The rest of us are end users

Wednesday, January 4th, 2017

More people believe in magic than we would care to admit, Richard Fernandez says:

ISIS is currently carrying out a campaign against wizards in their midst and is executing those they suspect of dabbling in it. But that is understandable given their world view.

[...]

When the last cellphone in the Caliphate is destroyed or worn out no one will know how to make another. Their 8th century is capable of producing fanaticism but probably couldn’t make a ball point pen. Objects in the ISIS universe are “magical” — put there by Allah in the possession of the infidel for holy warriors to plunder and enjoy until the power which inheres in them gradually fades away.

Surprisingly much of the modern world is not very different. Many people treat technology like magic even in the West. How does a cell phone work? Dunno. Where does it come from? The store. Civilization depends on the knowledge of a small fraction of the world’s 7.5 billion population. The know-how to make pharmaceuticals, complex devices, aircraft, computers, industrial chemicals from scratch is probably confined to a few million people concentrated in North America, Europe, Russia and North Asia. The rest of us are end users.

If a global catastrophe destroyed all of civilization’s works yet spared these few million they could re-create every object in the world again. By contrast if only these few millions perished the remaining billions though untouched could continue only until things broke down. It is knowledge which sustains civilization.

Comments

  1. Felix says:

    “these few million … could re-create every object in the world again”

    By magic, presumably, as the author apparently believes.

    In the real world these few millions would struggle to survive as inept cave men.

    That’s even if they were magically transported to the same Garden-of-Eden location on Earth when “all of civilization‚Äôs works” were destroyed.

  2. Ross says:

    -Take one (1) sprinkle of sufficiently advanced technology,
    -Mix with dash of Atlas Shrugging,
    -Agitate
    -Chill

    Serves none.

  3. Hulagu says:

    Same as with us Mongols. We can destroy but we cannot create. We can use the inventions of others and the technology of others but cannot create technology of our own making. When we destroyed the library of Baghdad we threw the books into the river because the books did not talk to us. What good are they?

  4. Isegoria says:

    I was reminded of Joe Rogan’s point that we are not smart.

  5. Lucklucky says:

    But are smart people smart in everything? Or are they smart in some ways and stupid in others?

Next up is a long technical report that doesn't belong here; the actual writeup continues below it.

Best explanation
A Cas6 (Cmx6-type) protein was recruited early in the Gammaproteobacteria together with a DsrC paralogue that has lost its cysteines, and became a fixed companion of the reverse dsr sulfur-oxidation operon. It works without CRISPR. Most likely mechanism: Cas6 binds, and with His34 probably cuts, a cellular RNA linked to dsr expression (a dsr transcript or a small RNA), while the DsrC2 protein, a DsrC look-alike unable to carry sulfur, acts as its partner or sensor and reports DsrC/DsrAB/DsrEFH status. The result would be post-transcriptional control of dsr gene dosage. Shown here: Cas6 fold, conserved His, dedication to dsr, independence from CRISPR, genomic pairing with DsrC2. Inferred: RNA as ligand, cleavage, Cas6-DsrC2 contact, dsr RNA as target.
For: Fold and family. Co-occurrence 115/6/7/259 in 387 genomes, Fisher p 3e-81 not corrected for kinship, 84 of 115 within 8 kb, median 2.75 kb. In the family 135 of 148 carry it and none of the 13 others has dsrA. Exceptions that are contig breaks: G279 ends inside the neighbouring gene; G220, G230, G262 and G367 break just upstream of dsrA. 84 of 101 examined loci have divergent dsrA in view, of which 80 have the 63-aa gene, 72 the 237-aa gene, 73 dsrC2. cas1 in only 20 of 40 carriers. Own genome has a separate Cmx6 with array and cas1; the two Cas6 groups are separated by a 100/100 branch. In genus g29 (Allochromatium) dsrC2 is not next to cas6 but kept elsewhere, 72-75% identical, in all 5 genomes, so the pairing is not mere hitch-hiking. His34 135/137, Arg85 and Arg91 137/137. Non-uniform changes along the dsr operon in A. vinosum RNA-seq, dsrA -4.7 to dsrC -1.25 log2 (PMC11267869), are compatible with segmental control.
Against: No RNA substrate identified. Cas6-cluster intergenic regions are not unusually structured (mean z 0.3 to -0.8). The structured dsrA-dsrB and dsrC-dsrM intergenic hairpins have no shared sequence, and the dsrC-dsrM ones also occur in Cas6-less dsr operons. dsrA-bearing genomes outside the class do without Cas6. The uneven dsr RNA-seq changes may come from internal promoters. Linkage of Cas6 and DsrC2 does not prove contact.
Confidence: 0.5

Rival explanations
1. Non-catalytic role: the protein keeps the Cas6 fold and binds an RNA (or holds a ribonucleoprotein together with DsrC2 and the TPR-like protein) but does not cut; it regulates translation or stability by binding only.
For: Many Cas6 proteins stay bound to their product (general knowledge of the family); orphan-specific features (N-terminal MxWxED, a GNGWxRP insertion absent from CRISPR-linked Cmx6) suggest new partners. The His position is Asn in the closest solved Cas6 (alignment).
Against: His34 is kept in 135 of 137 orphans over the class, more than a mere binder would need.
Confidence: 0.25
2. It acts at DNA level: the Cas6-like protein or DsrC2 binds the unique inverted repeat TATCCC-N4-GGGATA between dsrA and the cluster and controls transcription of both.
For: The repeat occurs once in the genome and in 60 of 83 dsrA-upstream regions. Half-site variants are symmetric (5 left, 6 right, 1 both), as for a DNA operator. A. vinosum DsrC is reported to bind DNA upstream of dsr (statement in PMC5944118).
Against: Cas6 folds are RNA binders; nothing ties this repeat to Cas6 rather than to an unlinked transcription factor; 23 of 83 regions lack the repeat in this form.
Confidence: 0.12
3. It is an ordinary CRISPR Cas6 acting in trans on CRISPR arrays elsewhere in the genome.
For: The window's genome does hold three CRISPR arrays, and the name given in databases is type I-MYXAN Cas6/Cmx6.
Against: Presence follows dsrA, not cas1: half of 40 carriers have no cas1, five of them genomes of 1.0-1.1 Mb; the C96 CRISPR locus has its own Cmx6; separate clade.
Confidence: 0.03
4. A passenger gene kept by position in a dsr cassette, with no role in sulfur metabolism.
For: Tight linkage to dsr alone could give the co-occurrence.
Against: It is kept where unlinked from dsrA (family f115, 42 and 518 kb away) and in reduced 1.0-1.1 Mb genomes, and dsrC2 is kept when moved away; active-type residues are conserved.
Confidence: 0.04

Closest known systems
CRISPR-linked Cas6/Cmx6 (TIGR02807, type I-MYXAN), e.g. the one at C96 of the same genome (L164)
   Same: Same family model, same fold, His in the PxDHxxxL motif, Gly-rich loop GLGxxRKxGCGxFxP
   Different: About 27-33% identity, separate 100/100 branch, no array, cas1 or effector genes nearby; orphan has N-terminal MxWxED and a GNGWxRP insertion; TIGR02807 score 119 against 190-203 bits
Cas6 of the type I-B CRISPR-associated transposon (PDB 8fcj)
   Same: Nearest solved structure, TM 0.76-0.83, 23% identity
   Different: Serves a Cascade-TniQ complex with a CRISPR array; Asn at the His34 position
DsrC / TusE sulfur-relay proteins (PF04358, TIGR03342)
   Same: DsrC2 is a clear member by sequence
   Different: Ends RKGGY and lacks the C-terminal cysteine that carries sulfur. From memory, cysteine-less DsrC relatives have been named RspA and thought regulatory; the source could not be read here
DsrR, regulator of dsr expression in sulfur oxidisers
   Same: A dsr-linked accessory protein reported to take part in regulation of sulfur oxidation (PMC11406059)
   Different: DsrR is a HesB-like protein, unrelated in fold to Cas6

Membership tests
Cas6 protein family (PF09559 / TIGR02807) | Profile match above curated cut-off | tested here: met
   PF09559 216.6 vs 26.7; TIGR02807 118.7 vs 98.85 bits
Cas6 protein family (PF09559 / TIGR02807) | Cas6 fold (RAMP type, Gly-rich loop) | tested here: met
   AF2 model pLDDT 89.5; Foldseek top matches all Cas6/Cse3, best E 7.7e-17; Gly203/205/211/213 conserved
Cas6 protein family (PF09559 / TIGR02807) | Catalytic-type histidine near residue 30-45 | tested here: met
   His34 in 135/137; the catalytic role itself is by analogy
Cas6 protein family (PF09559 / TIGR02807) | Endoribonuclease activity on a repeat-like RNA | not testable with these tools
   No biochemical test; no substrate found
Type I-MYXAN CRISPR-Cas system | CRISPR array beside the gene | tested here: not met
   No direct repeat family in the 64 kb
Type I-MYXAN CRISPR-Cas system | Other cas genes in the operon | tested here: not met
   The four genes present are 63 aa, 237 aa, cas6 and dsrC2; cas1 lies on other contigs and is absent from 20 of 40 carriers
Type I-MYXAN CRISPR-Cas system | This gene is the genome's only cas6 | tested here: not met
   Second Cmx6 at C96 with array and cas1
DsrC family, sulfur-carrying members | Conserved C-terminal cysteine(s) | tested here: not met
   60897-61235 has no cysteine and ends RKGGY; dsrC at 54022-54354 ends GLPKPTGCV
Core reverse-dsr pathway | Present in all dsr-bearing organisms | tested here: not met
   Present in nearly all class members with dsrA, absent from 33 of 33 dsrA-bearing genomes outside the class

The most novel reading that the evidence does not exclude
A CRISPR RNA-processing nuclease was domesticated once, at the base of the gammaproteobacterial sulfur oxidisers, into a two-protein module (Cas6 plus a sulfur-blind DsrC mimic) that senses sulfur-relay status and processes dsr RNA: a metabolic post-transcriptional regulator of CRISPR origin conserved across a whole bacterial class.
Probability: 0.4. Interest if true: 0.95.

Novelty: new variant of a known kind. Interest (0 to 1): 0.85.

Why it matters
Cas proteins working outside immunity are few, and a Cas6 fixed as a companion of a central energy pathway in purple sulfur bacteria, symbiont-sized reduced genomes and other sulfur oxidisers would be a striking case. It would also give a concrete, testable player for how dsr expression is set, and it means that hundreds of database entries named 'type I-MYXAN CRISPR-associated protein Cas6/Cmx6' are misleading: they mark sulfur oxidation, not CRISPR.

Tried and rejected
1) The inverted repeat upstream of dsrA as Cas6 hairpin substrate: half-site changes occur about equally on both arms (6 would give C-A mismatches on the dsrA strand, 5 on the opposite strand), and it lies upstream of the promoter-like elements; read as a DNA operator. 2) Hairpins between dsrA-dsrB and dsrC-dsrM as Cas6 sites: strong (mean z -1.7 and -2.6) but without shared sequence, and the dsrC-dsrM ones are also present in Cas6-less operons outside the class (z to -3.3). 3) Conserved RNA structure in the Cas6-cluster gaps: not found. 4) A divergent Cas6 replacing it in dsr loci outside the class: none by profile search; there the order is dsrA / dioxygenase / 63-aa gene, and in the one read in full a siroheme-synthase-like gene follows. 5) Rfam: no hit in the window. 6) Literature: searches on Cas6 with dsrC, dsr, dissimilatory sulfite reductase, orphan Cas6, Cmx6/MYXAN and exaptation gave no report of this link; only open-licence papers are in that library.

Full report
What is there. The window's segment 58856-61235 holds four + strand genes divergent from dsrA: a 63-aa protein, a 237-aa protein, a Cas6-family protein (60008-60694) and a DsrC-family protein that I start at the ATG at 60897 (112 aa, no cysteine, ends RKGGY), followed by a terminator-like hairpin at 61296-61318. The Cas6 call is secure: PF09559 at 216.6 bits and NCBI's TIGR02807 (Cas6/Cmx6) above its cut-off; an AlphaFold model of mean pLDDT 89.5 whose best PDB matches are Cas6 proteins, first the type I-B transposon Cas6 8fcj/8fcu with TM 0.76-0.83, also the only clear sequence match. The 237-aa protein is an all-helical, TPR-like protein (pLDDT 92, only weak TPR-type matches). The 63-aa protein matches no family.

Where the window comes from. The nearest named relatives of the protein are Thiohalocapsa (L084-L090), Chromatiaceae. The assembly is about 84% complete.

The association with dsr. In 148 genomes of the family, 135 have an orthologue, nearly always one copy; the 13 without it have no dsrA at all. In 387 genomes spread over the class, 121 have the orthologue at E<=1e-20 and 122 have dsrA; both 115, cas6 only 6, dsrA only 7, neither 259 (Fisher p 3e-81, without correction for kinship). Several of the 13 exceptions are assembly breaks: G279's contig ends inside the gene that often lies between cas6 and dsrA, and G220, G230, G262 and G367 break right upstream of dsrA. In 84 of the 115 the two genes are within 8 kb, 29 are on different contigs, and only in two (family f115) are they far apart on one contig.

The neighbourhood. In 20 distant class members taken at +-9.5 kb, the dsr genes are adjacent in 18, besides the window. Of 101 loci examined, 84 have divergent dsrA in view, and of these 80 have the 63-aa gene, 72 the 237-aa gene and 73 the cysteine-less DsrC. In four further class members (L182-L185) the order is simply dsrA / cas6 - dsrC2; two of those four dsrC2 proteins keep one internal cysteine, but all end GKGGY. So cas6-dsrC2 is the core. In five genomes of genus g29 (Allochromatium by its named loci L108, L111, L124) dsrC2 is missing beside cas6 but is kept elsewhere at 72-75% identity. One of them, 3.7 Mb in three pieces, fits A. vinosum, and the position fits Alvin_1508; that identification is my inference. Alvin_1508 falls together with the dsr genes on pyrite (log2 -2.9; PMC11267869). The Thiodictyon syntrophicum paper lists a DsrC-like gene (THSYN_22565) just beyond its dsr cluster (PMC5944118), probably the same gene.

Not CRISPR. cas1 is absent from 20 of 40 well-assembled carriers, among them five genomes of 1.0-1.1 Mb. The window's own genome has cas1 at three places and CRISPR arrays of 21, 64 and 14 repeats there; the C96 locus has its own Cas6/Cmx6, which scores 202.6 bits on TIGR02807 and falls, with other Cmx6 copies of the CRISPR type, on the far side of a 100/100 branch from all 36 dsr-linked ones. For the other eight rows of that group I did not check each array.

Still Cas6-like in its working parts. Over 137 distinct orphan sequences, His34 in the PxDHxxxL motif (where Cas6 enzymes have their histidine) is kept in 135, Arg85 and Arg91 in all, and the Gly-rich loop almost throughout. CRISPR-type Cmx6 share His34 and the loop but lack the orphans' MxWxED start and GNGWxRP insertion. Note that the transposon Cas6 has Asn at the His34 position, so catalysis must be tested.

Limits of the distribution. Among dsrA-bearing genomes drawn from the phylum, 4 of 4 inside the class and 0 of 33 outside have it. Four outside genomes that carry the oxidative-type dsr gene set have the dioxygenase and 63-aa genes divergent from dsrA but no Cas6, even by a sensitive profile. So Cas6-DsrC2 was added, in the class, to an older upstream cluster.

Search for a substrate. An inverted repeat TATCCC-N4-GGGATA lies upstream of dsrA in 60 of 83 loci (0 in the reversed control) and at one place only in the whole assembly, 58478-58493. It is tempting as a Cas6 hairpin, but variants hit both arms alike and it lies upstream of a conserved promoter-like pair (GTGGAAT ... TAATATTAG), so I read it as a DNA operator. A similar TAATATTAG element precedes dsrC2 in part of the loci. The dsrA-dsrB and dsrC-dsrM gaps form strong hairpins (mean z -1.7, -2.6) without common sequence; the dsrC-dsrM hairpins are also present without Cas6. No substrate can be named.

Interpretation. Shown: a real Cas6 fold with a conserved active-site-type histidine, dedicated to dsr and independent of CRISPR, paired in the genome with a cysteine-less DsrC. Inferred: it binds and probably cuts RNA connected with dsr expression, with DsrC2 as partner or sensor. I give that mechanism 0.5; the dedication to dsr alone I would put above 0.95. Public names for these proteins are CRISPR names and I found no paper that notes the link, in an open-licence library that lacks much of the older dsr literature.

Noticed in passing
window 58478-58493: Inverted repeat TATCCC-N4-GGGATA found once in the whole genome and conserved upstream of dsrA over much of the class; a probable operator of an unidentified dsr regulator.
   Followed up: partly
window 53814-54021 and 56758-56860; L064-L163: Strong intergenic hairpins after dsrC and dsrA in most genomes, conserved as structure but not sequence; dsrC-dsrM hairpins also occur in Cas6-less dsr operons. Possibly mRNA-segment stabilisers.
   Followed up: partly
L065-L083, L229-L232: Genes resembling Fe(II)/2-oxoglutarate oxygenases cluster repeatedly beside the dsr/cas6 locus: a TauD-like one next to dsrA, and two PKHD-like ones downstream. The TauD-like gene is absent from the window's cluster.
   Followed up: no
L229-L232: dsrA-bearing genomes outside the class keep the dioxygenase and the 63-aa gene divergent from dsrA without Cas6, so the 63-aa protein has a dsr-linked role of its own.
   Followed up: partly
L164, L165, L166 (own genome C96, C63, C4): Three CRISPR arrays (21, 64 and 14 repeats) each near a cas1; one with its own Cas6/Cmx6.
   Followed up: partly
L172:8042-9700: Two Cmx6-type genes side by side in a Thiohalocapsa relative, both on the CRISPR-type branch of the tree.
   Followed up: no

6. Cassander says:

    See I, Pencil. No one can re-build the modern world. A jet-engine engineer in North America might know how to design and build an engine, but he knows nothing about how to mine for the ores he makes them out of, how to write the CAD software he designs it on, how to coordinate a global logistical system to refuel the jet once it’s built, and so on. The system depends on, at least, hundreds of millions, everyone of whom is an end user for someone.

  7. Lucklucky says:

    Precisely, Cassander.

  8. Gaikokumaniakku says:

    Cassander:

    Technically, there are no literal falsehoods in I, Pencil, but it is usually misinterpreted.

    It is true that no one man can make a pencil that satisfies the specifications laid out in that essay — weird metal thing holding eraser, eraser, graphite “lead”, yellow paint, etc.

    However, there are many men who can single-handedly make a functional writing utensil.

    Those writing utensils don’t match the specs given in the essay, so they are not counterexamples.

    However, the propaganda usage of I, Pencil conflates exact specs with essential functions.

    It’s propaganda, and no engineer should believe it.

  9. Mike in Boston says:

    To me, the focus on the exact specs of the familiar yellow No. 2 pencil is a worthwhile metaphor for how hard it would be to re-create from scratch the production of technological artifacts which depend on duplicating past specifications more exactly. Damascus steel or Polaroid film seem like good examples.

  10. Grasspunk says:

    Or Nixie tubes: https://www.youtube.com/watch?v=wxL4ElboiuA

    It’s not adding much beyond what Mike in Boston said but it’s way cool.

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